This article is part of a special series exploring our stories as visibly Muslim women in the last two post-9/11 decades.
I choose to be visibly Muslim because Allah (S) asked me to. And, there is no greater honor than being asked to represent Islam by our creator Himself.
I could technically end this post here. But, let me explain.
There are obviously many ways a person can be visibly Muslim, even if they do not wear hijab. However, there is no denying that hijab is the most obvious indicator that someone is a Muslim, and so my post is centered around choosing to wear hijab in today’s world.
When Allah (S) ordained hijab for Muslim women, He said,
يا أَيُّهَا النَّبِيُّ قُل لِّأَزْوَاجِكَ وَبَنَاتِكَ وَنِسَاء الْمُؤْمِنِينَ يُدْنِينَ عَلَيْهِنَّ مِن جَلَابِيبِهِنَّ ذَلِكَ أَدْنَى أَن يُعْرَفْنَ فَلَا يُؤْذَيْنَ وَكَانَ اللَّهُ
O Prophet, tell your wives and your daughters and the women of the believers to lower over themselves a portion of their jilbabs. That is more suitable that they will be known and not be harmed. And ever is Allāh Forgiving and Merciful.
al Aḥzāb: 59
When I first started wearing hijab (at 13 or 14 years old), we were taught that women must wear hijab to guard their modesty and beauty. It wasn’t until I was in my 20’s that I truly learned why Allah (S) asked us to wear hijab – and it made a tremendous difference in my relationship with hijab, and my faith in general.
The author in Washington, D.C.
Yes, modesty is a part of faith. But that is *not* the only reason Allah (S) prescribed hijab. To quote Anse Tamara Gray in her Lean In – Our Feminist Manifesto
(which you really must read, by the way!):
“There are pat-explanations that people like to throw around about ‘why’ women wear hijab in Islam. They are mostly irritating stories about diamonds and pearls and oranges – equating women to objects of decoration or pieces of fruit. But if we peel back the human interpretation we find that Allah (S) Himself has laid plain the reasoning for hijab. That we may be known. Like a sports team – We recognize each other. Like an ethnic background – we feel comfortable with each other Like a flag held high in the field of battle – we bravely go out each day – in every country of the world – and represent our Prophet ﷺ – our religion. We represent our men, who too often blend into the background, and we represent our hurting women who need our activism. We represent any woman of faith unsure how to outwardly express her conviction. We wear the scarf that we may be known.”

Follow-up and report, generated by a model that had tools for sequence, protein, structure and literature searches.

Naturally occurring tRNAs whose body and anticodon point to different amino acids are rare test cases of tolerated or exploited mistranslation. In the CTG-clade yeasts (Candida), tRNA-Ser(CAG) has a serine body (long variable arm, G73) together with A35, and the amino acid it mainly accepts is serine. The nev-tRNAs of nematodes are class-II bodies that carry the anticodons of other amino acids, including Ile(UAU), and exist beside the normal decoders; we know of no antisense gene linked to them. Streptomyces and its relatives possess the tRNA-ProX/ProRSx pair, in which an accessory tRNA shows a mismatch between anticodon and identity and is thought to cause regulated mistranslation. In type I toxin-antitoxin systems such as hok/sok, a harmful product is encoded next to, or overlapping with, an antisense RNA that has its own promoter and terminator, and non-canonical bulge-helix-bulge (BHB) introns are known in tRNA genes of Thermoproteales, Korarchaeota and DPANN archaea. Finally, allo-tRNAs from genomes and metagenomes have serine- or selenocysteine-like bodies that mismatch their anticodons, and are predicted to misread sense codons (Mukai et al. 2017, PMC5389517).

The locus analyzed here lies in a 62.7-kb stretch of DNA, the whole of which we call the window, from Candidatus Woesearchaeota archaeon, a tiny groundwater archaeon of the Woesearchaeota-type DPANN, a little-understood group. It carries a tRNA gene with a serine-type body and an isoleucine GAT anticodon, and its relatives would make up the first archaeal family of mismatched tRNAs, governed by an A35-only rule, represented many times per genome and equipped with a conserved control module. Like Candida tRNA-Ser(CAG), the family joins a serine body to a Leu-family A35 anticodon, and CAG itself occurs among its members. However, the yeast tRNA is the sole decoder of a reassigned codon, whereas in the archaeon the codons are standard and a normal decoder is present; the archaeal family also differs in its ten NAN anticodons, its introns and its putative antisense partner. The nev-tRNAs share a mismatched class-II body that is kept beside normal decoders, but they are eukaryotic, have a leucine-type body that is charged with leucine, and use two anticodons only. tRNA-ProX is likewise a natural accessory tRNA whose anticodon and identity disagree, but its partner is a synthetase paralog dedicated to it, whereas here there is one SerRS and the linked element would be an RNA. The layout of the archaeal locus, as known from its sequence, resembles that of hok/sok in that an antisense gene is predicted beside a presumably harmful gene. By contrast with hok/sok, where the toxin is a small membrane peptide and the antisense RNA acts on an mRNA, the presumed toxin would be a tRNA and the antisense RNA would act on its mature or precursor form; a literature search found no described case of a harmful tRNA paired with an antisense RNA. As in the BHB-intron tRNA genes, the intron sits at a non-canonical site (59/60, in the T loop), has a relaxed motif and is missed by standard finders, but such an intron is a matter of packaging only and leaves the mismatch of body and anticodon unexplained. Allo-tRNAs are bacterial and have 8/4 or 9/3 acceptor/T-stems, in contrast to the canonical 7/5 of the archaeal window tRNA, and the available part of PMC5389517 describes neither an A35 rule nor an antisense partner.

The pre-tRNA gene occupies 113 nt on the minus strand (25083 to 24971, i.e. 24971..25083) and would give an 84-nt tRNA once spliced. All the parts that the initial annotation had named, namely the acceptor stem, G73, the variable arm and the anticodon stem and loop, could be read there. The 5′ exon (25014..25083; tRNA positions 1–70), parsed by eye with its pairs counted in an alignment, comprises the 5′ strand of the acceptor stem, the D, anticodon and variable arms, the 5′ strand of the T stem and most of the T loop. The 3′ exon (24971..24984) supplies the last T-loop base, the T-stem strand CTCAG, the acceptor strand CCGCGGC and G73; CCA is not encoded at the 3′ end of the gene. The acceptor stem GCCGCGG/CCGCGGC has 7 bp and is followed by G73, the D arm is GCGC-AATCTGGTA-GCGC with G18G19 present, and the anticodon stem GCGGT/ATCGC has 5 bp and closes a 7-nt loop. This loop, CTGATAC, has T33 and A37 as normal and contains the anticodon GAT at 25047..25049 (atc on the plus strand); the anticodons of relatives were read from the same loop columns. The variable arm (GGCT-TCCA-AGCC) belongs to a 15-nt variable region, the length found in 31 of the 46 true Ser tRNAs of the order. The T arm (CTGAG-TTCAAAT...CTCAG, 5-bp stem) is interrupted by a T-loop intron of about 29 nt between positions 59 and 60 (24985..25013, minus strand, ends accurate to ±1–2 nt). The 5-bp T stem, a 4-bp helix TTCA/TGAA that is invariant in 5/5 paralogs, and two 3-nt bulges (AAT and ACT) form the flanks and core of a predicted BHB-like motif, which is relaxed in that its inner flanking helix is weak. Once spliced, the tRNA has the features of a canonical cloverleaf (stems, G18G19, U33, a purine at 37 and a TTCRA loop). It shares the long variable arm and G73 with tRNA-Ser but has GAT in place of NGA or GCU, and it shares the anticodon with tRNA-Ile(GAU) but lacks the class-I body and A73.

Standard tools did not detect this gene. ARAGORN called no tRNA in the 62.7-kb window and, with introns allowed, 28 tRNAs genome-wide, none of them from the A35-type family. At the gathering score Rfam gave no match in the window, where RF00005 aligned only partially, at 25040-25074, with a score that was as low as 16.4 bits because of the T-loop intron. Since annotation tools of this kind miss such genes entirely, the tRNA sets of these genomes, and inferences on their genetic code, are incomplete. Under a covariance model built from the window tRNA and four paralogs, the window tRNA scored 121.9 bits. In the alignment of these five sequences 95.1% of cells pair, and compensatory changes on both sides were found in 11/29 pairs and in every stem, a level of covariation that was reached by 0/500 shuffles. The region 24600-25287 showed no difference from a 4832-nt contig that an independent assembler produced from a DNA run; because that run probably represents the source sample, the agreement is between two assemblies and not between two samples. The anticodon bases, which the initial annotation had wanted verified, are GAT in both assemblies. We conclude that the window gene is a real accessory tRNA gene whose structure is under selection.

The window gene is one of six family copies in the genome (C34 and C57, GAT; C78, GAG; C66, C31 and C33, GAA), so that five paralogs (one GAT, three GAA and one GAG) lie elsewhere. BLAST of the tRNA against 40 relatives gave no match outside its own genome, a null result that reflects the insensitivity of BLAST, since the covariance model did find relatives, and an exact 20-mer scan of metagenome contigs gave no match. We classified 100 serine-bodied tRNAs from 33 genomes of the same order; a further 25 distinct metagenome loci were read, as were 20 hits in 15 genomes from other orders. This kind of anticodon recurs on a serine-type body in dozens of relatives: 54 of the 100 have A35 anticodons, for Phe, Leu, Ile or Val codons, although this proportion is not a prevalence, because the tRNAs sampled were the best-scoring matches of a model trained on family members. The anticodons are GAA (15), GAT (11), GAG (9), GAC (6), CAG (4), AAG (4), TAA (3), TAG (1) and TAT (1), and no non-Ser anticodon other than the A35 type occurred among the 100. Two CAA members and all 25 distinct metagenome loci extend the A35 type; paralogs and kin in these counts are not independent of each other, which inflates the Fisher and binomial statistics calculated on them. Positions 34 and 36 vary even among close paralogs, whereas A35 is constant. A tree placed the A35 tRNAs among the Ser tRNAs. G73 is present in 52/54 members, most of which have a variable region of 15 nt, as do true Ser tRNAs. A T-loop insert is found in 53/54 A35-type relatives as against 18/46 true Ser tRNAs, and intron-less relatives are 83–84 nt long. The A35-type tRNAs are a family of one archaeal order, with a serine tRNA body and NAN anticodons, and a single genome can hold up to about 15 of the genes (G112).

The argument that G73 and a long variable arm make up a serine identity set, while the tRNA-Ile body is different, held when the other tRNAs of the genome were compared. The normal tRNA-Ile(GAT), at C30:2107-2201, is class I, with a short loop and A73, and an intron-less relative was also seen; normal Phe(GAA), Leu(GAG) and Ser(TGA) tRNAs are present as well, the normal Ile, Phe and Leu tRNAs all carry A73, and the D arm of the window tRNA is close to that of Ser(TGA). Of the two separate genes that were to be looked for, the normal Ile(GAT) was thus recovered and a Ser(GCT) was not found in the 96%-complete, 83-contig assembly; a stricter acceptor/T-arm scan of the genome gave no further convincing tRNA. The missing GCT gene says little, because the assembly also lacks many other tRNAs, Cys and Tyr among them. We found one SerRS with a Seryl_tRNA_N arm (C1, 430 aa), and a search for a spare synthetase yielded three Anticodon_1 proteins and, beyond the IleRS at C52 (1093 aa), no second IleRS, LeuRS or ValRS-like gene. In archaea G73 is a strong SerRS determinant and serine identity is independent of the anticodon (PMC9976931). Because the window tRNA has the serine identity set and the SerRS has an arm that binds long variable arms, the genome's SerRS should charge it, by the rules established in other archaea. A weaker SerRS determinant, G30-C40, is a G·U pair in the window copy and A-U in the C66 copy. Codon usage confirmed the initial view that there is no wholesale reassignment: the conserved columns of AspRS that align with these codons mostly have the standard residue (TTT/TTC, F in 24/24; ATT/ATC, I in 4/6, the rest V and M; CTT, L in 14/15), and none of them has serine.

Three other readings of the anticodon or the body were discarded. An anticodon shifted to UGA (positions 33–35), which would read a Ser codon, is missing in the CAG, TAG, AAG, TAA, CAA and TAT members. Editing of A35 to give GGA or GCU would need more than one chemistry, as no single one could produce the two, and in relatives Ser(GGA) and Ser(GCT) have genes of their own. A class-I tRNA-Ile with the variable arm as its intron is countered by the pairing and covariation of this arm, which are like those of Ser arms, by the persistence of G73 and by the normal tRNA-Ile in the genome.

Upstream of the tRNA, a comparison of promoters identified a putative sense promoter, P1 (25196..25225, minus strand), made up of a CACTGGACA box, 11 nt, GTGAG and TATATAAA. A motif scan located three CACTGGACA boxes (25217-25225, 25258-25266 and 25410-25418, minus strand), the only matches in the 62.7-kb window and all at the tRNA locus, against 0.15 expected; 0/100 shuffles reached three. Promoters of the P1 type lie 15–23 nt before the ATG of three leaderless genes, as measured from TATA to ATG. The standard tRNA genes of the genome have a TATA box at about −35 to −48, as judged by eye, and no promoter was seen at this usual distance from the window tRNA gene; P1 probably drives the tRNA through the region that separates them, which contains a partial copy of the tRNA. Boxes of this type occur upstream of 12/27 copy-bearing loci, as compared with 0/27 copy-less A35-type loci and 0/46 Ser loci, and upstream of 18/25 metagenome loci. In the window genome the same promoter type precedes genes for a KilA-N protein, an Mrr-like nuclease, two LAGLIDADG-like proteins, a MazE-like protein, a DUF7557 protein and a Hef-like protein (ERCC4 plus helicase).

Allah (S) wants me to wear the hijab so that I may be known and recognized as a Muslim woman. That’s why I choose to be visibly Muslim. I exist to serve Allah (S) and worship Him, and a part of worshipping Him is following His commands.
Wearing hijab strengthens my convictions and is a constant companion, reminding me of Allah (S) and what pleases Him – like standing up for injustice and being a flagbearer for the oppressed. It reminds me to be kind, to be gracious, and to be merciful towards others. It helps me be more empathetic. It reminds me that I cannot be a good servant of Him if I do wrong to unto others or to our planet.
It reminds me of my priorities. It makes me feel strong and makes me stand up taller knowing that if I have been specifically tasked by Allah (S) with the responsibility of being visible, then I am worthy of it. And, that is the most powerful, impenetrable thing a woman can be granted: confidence in her strength and in her self worth – regardless of what men or greater society thinks, regardless of insane beauty standards,
It teaches me that if my strength and self worth is derived from anything or anyone other than Allah (S), it will be lacking.